1396 The erection of the south porch with a room above, which was probably a priest’s chamber,
1397 The fourth and westernmost chapel was dedicated to Our Lord Jesus Christ started
1450 The church was completed by 1450, with the addition of the choir. Its full length was now 208 feet with a breath of of 108 feet.
1645 1st Siege of the Castle
1648 2nd Siege of the Castle
1648 St. Mary Magdalene Chapel was demolished by the Parliamentarian soldiers because it was in the way of their cannon trained upon the castle walls
St Marys Church Scarborough Clock tower
Looking up at Central Tower from South
1659 Fall of central tower and the north transept fell into ruin
1669 Present tower built. Northern aisle built
1848-50 Refurbishment of the church. Closed for 2 years.
1849 Anne Bronte buried in churchyard. Service at Christ Church as St Mary’s Church not in service.
1857 Scarborough is hit by a great flood on the 13 of August, which destroys many buildings including St Mary’s church yard .
|Past Vicars of Scarborough
|1180||Rev. Gil de Torribus||1502||Rev. R. Ogram|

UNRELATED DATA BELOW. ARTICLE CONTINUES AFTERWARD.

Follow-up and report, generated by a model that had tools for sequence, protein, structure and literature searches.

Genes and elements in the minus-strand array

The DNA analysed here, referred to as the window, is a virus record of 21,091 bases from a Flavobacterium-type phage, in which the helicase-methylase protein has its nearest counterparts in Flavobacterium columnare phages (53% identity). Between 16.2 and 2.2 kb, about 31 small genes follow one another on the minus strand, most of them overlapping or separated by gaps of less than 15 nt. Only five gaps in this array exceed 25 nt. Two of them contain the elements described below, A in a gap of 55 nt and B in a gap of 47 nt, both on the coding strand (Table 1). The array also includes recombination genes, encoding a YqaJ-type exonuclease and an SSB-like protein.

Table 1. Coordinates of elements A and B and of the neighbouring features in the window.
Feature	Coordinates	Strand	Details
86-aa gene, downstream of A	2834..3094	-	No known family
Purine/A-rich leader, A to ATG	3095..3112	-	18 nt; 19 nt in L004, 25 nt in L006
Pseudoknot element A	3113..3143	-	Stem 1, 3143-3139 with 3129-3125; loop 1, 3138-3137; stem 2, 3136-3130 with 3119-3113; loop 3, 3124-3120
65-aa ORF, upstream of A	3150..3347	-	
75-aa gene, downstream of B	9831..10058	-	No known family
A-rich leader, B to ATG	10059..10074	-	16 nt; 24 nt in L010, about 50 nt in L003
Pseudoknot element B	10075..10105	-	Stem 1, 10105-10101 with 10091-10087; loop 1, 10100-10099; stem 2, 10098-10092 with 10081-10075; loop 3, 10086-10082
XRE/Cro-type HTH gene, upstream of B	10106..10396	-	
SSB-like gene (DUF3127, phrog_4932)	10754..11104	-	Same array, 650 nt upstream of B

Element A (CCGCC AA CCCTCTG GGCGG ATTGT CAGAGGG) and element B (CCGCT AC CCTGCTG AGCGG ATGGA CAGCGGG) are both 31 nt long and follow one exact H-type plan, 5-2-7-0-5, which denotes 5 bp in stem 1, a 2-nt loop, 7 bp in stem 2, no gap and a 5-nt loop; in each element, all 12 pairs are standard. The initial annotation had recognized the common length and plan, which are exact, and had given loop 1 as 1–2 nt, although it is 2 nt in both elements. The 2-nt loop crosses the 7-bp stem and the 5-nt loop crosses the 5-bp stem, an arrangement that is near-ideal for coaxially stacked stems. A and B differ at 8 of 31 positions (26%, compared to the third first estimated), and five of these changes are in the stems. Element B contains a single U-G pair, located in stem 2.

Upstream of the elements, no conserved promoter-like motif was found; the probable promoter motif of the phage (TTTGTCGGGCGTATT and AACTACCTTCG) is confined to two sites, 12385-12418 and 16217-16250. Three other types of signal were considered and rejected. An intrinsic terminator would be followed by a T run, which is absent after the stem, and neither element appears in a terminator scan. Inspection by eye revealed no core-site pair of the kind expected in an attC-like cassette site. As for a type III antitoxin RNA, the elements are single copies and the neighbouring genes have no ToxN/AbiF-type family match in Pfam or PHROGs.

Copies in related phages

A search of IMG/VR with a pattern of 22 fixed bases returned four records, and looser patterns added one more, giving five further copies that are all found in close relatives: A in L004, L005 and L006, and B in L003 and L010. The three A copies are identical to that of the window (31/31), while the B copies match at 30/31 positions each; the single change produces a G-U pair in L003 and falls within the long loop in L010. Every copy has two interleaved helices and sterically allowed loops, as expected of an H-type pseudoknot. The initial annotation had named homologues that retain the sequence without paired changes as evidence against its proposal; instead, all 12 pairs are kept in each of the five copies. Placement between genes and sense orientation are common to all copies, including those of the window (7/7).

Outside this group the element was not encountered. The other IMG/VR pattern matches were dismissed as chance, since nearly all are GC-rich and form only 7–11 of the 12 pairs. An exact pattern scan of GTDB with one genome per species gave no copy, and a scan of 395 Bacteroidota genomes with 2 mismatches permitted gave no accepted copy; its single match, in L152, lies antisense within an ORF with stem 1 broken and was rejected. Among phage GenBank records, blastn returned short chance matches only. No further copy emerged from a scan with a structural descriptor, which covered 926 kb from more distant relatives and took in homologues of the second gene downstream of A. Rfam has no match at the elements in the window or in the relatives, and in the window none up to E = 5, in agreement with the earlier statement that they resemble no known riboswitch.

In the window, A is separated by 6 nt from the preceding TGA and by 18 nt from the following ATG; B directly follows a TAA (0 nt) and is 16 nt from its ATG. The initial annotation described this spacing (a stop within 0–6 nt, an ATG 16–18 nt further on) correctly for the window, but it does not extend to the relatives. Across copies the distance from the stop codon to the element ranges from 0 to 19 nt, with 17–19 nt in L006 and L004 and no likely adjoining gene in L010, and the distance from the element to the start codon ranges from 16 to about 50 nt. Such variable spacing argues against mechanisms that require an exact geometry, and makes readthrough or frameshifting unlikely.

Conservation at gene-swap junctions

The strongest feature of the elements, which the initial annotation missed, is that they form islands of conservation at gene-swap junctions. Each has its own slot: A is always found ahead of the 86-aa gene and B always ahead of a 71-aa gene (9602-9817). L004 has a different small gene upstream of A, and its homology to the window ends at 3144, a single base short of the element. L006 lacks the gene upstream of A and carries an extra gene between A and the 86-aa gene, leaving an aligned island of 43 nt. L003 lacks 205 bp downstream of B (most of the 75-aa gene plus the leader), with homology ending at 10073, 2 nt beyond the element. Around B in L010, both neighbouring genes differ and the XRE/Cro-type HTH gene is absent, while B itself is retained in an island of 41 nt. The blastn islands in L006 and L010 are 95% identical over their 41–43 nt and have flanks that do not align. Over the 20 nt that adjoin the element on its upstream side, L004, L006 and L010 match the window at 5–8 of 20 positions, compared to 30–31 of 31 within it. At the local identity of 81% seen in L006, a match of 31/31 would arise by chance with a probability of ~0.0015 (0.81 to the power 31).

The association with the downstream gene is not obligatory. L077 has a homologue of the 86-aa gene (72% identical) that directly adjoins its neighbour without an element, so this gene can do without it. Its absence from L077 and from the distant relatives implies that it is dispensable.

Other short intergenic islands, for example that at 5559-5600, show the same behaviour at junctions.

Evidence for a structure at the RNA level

|1199||Rev. H. de Thornton||1506||Rev. W. Evers|
|1226||Rev. R. de Chaunseye||1510||Rev. Richard Bull|
|1289||Rev. T de Roston||1602||Rev. W. Ward|
|1291||Rev. W. de Langetoft||1608||Rev. T. Taylor|
|1306||Rev. I de Roston||1630||Rev. W. Simpson|
|1313||Rev. W. de Wandesford||1667||Rev. W. Hodgson|
|1313||Rev. R. de Scardeburgh||1676||Rev. N. Boteler|
|1335||Rev. J Belety||1696||Rev. John North|
|1349||Rev. E. de Skyrpse||1708||Rev. H. Docker|
|1363||Rev. H. Bendebowe||1721||Rev. T Garenciers|
|1397||Rev. R. Askham||1750||Rev. J. Morfitt|
|1408||Rev. R. Shropham||1782||Rev. J. Kirk|
|1412||Rev. J. Longe||1828||Rev. M. H. Miller|
|1414||Rev. R. Abraham||1848||Rev. J. W. Whiteside|
|1454||Rev. Robert Killom||1864||Rev. R. F. L. Blunt|
|1464||Rev. Robert Sutton||1905||Rev. T. E. Lindsay|
|1475||Rev. T Bedford||1913||Rev. Cecil Cooper|
|1485||Rev. R Tunstall||1923||Rev. J. W. Capron|
|1494||Rev. W. Penet|
|1501||Rev. T. Rokeby|
Sources for information: Sir Alfred Clapham, Stan Pope